5 R’s of Buying

1) Right quality -> quality of product is measured in term of its design , materials , chemical composition , heat treatment , manufacturing process etc
Different method of providing quality specifications are : brand or trade name , commercial standards , performance standard etc 2) Right quantity -> right quantity is yet another importance parameter in buying quantity decision are influenced by “ replenishment method “ and buying method
“ replenishment method means reorder method Buying methods followed by the buyer too has an influence on order quantity , for Example * Hand to mouth buying - is too small * Scheduled buying – can be either economic order quantity , or smaller then EOQ * Forward buying – is generally very large covering a long period of consumption 3) Right Price –Right price does not means the lowest price but the price which minimum the overall cost . the technique of : * Negotiation -> is used when there are limited vendors and /or time available to make purchase is short and /or items belong to fixed price category * Tender system is flowed in public sector organization to identify the lowest potential bidder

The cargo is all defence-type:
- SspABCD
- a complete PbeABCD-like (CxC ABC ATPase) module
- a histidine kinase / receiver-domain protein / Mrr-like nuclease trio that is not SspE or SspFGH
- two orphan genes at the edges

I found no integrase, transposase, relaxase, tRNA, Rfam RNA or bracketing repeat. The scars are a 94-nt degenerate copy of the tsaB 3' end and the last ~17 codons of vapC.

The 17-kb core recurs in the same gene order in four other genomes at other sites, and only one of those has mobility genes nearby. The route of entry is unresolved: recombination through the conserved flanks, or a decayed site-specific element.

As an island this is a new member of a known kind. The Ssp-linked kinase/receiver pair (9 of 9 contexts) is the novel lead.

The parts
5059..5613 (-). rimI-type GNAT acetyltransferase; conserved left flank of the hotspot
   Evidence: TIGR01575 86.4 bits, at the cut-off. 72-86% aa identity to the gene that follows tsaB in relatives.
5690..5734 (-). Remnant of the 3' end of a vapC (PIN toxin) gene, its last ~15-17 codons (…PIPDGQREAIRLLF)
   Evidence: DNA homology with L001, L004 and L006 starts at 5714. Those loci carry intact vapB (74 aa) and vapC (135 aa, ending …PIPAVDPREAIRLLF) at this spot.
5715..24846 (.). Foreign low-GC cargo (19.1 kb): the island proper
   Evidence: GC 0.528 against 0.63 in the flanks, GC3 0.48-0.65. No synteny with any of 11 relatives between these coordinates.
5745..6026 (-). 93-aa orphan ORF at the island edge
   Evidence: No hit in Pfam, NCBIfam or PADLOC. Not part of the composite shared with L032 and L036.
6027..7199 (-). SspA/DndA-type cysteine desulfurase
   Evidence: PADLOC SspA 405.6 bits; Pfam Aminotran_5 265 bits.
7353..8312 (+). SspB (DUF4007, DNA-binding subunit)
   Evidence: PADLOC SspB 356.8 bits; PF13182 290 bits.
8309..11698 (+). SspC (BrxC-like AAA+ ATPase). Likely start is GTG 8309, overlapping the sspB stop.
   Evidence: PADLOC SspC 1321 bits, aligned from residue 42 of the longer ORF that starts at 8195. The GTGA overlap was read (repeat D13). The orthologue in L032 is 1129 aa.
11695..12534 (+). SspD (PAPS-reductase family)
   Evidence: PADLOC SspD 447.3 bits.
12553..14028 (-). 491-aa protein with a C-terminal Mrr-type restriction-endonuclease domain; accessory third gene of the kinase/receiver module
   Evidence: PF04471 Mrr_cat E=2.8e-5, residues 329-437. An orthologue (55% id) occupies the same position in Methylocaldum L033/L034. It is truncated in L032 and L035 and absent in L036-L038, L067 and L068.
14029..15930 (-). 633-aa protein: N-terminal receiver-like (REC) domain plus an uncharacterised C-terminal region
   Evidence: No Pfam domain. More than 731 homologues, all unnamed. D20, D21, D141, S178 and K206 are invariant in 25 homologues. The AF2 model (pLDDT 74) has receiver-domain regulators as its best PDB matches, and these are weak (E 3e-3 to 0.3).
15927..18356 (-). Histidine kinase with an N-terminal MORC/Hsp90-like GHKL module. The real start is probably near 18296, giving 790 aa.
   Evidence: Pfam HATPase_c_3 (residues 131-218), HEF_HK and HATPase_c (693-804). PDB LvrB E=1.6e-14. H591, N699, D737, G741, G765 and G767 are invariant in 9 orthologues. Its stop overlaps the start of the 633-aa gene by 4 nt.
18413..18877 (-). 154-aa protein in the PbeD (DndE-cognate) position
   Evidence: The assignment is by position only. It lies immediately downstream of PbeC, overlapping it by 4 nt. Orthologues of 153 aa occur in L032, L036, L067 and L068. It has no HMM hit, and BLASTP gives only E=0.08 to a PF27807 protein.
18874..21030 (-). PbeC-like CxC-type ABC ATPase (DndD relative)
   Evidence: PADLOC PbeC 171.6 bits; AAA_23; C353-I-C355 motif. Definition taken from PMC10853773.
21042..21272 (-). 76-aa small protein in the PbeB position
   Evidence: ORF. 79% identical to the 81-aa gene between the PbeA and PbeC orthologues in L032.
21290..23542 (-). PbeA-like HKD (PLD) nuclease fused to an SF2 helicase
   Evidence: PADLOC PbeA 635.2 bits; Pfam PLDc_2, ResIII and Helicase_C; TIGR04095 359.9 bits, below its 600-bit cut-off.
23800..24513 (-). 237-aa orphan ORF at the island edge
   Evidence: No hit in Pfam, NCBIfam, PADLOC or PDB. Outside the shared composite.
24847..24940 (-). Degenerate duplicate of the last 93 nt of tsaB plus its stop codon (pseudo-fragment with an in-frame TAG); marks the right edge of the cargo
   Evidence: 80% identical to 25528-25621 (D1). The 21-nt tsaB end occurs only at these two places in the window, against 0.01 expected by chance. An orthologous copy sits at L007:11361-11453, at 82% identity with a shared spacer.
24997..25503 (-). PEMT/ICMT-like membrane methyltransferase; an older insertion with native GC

4) Right time – Right time impulse that time at which the goods requested should be receive while lead time refer to the time that elapses between the communication of the need for the item by indentor to purchase till the item is actually received and is made available for consumption

5) Right source- Only the right source can give quality of materials in the right quantities , at the right price and at right time . Right source aspect required decision as to what items should be purchased directly from the manufacturers , which items from dealers and which items from open market . Right sources also required the analysis of transportation costs along with the basic price to make selection between a distant supplier and a local supplier .